Substantial reforms – more than mere "window dressing" – should be pursued nationally and internationally to prevent opaque financial instruments, speculation, and the build-up of large financial imbalances between countries from causing a repeat of the current global recession, UNCTAD's Secretary-General urged last weekend. Secretary-General Supachai Panitchpakdi told the 122nd Assembly of the Inter-Parliamentary Union (IPU) that "the crisis provides a rare opportunity to forge a more balanced and inclusive global economy through two channels: measured government intervention and strategic policy action at the national level, and better coordinated and more inclusive economic decision-making at the international level."
In a statement Supachai said UNCTAD is concerned that with the worst of the financial crisis apparently over, "talk of reforming the financial sector, particularly at the international level, has become a good deal more muted. UNCTAD strongly believes that the crisis could have been prevented if there had been stronger governance mechanisms to regulate financial innovation and the build-up of various imbalances at the national and international levels. Moving forward on this reform agenda to create a new pattern of balanced and sustainable growth will require bold thinking."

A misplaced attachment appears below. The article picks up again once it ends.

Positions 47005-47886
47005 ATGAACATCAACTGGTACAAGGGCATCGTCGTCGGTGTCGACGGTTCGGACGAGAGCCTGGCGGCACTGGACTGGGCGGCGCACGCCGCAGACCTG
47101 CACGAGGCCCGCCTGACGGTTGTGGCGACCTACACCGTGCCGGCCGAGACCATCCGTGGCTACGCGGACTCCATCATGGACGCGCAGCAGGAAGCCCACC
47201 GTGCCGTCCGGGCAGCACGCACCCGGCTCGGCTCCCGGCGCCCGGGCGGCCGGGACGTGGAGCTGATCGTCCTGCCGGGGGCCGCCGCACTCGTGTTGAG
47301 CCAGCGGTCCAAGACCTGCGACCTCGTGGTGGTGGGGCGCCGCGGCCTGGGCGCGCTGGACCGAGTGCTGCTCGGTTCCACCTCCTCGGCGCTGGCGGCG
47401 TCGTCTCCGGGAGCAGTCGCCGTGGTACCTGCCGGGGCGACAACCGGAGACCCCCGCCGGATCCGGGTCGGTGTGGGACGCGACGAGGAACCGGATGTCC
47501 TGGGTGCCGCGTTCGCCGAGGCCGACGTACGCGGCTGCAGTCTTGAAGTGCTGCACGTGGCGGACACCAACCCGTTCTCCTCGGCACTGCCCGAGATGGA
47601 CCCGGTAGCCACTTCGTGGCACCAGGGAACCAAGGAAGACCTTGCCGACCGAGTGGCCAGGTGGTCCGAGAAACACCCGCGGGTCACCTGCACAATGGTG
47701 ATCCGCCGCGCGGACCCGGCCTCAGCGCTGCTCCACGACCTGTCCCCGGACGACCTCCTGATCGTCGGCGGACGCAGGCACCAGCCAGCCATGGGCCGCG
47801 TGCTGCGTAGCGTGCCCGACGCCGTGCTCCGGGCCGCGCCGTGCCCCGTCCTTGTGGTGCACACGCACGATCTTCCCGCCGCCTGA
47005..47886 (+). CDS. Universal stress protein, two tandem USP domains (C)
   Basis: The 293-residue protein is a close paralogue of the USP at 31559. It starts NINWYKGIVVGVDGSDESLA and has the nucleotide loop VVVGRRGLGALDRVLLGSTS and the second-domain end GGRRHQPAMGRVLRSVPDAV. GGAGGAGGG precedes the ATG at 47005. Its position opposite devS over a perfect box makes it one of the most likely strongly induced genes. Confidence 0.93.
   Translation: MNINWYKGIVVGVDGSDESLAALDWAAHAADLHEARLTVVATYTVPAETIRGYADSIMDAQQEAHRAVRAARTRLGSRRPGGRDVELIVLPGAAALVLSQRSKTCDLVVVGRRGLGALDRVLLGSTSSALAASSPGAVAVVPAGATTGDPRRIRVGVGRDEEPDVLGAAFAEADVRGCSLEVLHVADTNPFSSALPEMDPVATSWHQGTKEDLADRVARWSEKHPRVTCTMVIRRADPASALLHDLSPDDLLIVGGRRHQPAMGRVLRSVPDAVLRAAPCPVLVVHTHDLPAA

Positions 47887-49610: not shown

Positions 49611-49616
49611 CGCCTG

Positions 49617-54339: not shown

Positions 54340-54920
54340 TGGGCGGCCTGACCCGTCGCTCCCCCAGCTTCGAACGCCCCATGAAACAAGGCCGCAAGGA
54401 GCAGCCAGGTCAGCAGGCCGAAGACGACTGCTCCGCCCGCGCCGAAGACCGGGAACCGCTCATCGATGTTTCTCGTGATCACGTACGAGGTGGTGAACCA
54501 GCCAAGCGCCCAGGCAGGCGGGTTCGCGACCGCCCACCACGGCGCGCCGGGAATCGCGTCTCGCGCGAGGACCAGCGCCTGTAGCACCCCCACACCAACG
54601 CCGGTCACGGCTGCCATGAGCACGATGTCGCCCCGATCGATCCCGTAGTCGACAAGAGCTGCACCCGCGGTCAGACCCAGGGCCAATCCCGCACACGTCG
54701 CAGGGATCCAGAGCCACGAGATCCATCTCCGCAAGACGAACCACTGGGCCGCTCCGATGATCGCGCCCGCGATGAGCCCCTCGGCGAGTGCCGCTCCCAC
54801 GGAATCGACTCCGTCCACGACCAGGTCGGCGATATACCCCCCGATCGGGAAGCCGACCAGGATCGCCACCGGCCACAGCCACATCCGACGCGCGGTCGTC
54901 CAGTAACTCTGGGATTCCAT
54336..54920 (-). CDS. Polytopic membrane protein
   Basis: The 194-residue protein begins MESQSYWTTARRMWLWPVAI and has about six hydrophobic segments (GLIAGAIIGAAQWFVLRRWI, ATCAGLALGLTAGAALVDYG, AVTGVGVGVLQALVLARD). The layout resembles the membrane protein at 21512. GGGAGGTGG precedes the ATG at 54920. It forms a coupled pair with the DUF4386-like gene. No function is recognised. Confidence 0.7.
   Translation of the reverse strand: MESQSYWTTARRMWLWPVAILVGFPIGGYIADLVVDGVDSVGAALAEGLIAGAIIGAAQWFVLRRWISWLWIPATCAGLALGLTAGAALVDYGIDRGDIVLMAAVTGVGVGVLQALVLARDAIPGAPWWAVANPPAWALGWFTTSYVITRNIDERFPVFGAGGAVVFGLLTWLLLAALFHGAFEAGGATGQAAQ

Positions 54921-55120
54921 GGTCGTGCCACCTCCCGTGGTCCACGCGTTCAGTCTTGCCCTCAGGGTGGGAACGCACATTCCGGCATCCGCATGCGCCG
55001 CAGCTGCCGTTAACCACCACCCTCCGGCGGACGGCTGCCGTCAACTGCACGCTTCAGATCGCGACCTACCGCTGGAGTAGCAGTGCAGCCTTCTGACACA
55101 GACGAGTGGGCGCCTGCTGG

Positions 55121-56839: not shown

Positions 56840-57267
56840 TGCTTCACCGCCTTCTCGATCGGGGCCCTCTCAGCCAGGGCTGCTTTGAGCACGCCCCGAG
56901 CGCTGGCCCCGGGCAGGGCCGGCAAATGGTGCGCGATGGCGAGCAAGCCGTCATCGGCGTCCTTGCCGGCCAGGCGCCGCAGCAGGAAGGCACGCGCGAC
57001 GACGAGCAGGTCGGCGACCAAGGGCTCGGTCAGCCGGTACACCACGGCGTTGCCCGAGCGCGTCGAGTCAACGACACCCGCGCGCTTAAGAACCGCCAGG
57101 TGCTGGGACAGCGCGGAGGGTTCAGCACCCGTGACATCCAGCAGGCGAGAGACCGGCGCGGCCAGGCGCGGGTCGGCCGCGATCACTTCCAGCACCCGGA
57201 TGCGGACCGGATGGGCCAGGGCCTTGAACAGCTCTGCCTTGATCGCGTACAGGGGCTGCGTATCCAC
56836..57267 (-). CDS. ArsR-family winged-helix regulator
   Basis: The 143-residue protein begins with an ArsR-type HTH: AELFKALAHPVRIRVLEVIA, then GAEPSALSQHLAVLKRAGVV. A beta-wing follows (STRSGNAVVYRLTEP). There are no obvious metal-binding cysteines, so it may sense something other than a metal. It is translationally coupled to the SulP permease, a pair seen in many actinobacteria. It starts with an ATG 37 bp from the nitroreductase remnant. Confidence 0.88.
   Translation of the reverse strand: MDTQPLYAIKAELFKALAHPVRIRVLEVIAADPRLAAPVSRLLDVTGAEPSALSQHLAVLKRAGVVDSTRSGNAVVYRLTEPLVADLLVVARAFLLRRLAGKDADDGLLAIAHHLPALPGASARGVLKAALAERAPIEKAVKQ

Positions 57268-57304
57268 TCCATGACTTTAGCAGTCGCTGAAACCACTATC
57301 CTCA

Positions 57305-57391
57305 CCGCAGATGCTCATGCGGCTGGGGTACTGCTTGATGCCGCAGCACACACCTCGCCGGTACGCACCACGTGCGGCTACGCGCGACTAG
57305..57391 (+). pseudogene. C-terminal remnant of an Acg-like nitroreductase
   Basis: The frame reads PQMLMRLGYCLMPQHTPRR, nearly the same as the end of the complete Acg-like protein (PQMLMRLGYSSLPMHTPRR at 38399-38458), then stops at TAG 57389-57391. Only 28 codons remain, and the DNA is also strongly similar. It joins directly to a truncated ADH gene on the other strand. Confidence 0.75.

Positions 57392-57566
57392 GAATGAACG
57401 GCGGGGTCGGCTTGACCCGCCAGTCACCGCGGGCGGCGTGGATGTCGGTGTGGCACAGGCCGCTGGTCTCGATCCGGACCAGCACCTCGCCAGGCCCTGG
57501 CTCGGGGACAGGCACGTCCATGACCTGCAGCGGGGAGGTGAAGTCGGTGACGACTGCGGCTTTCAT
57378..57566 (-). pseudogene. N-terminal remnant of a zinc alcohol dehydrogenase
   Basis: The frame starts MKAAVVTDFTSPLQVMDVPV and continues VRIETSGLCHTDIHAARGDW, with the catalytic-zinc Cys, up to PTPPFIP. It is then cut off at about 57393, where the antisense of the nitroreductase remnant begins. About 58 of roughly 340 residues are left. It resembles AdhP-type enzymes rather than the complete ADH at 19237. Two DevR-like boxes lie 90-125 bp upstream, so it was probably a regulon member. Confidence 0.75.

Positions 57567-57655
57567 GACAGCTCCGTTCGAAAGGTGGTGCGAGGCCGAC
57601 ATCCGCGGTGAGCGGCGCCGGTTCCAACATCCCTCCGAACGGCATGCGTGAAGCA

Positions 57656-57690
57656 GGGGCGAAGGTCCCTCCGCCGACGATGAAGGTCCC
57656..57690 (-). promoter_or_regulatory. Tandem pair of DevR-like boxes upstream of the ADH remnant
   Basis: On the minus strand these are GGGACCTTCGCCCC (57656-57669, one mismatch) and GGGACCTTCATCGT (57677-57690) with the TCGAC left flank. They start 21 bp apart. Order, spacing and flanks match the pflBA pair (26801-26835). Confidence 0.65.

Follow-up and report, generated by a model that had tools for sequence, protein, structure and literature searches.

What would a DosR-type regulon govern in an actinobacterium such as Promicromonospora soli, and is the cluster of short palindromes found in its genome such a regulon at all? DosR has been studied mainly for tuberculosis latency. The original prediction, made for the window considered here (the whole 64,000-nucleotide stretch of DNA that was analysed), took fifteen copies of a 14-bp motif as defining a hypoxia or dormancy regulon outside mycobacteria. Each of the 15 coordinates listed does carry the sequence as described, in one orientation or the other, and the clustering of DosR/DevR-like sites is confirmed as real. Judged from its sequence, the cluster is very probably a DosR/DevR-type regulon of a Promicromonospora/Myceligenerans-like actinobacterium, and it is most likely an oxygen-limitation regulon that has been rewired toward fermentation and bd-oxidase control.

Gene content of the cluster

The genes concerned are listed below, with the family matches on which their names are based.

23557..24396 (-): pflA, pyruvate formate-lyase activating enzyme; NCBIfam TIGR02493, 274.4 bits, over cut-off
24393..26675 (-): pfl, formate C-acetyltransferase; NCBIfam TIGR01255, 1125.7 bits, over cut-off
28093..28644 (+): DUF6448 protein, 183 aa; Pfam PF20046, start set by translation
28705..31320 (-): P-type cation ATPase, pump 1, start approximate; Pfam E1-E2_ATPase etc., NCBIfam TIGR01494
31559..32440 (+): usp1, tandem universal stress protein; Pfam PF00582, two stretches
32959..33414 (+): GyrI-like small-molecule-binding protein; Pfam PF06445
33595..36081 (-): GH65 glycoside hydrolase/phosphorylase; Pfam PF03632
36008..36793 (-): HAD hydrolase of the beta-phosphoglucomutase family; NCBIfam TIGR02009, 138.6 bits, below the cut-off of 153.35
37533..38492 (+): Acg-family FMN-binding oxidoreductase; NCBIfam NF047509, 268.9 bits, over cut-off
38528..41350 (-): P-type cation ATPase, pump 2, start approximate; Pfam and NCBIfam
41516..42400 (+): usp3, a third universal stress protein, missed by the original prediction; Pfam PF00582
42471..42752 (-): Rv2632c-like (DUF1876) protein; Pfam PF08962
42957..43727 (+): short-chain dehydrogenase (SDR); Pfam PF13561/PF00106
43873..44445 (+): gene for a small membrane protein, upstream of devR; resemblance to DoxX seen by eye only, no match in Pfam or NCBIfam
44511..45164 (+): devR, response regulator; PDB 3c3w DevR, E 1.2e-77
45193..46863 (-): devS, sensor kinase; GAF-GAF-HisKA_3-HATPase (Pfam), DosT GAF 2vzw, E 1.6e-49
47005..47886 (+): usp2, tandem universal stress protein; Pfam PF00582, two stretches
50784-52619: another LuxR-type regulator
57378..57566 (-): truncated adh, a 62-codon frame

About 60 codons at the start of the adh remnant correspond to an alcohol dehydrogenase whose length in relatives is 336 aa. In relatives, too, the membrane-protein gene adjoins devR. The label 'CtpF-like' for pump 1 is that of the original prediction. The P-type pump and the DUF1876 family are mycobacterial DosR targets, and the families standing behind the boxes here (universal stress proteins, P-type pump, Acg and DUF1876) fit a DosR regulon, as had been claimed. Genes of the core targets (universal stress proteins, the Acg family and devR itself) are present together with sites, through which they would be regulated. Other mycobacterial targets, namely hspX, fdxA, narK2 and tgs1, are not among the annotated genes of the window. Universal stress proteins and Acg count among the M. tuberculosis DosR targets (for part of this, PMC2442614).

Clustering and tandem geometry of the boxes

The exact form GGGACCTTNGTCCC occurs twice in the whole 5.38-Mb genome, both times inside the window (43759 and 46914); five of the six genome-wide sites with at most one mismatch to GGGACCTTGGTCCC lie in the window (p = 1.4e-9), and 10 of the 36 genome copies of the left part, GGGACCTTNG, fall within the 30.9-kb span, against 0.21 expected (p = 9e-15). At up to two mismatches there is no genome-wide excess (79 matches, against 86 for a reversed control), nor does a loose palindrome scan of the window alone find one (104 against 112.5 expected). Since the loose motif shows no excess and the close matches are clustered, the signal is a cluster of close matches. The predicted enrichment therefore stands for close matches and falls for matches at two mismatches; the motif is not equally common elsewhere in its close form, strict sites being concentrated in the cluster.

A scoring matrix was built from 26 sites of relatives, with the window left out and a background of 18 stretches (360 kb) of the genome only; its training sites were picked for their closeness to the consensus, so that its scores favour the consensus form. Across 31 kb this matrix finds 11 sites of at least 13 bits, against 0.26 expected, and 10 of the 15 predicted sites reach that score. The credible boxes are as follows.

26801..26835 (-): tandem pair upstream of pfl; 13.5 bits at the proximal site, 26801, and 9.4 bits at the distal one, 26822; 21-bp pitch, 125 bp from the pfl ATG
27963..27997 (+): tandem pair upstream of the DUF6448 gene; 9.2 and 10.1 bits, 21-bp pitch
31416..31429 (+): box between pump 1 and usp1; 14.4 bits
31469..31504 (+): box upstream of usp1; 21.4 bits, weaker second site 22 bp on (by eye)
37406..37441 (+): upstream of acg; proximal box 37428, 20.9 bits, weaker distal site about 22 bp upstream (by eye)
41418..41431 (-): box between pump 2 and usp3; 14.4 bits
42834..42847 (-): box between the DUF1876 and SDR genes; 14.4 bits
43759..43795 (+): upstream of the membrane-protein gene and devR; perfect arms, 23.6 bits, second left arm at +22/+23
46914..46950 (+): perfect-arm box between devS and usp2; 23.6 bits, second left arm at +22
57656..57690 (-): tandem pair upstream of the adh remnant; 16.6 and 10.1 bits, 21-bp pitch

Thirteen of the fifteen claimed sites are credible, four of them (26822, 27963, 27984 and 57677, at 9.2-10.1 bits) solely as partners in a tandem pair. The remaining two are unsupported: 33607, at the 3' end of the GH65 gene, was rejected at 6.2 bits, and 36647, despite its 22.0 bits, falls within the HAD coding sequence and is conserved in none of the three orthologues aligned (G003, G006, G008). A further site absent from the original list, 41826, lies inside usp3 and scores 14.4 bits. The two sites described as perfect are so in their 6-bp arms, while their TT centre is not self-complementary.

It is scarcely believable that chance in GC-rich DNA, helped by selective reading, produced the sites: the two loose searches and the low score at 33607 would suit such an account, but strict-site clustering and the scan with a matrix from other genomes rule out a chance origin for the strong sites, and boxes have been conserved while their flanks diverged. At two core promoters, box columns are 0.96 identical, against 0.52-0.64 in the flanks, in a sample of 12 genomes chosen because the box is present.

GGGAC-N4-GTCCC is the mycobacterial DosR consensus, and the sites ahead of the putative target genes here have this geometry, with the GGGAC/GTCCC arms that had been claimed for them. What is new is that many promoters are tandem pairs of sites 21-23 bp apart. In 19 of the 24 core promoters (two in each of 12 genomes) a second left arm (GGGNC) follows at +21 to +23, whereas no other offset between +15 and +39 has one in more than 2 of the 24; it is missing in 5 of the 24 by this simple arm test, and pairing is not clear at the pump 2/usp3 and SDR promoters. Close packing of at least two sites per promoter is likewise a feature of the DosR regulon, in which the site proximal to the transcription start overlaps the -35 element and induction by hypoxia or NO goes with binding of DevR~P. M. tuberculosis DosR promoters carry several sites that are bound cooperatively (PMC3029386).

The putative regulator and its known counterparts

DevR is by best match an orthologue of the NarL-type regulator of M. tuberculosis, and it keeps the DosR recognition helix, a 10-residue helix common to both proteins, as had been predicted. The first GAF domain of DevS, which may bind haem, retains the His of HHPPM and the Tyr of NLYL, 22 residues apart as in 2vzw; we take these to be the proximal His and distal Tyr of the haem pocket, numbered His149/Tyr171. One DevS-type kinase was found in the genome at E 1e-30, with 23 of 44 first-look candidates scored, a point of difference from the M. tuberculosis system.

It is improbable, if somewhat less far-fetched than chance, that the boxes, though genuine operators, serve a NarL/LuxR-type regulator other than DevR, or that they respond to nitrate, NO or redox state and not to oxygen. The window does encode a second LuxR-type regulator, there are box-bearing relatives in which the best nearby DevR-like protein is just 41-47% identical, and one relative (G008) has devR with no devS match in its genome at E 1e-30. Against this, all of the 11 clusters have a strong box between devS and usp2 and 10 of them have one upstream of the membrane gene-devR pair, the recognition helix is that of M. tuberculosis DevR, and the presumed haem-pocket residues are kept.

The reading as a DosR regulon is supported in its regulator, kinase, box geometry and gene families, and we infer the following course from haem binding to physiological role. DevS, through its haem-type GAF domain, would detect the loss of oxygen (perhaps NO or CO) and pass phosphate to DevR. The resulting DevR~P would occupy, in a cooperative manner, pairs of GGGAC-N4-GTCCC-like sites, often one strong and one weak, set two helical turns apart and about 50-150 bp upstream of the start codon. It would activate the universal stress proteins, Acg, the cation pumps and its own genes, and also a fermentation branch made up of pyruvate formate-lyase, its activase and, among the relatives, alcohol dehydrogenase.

Well-defined rules, with a transparent and fair system for judging infractions, should be "orthodoxy" for the international financial system as they are for the international trading system, Supachai said. "[I]t is … imperative to provide for an institutional framework for better international coordination of financial regulation and supervision… Such an agreement would hopefully address the current potential for regulatory arbitrage," he added. "Equally important is to reshape international monetary arrangements that help avoid the build-up of large current-account imbalances and their counterpart – large unbalanced asset positions across countries."
Supachai said that continued global dependence on a single reserve currency is becoming a concern, reviving the idea that an equitable system of special drawing rights (SDRs) might eliminate the need for developing countries to hold vast reserves of dollars as protection against reverses in their capital flows. These reserves "now represent a considerable opportunity cost for development," the Secretary-General said. Countries also could tackle large build-ups of reserves through regional arrangements such as the Chiang Mai Initiative, whose multilateralized currency swap agreement came into effect on 24 March. He also called for reform at the IMF "so that it can focus most properly on what its founders intended: the avoidance of contractionary macroeconomic responses to financial shocks and instability."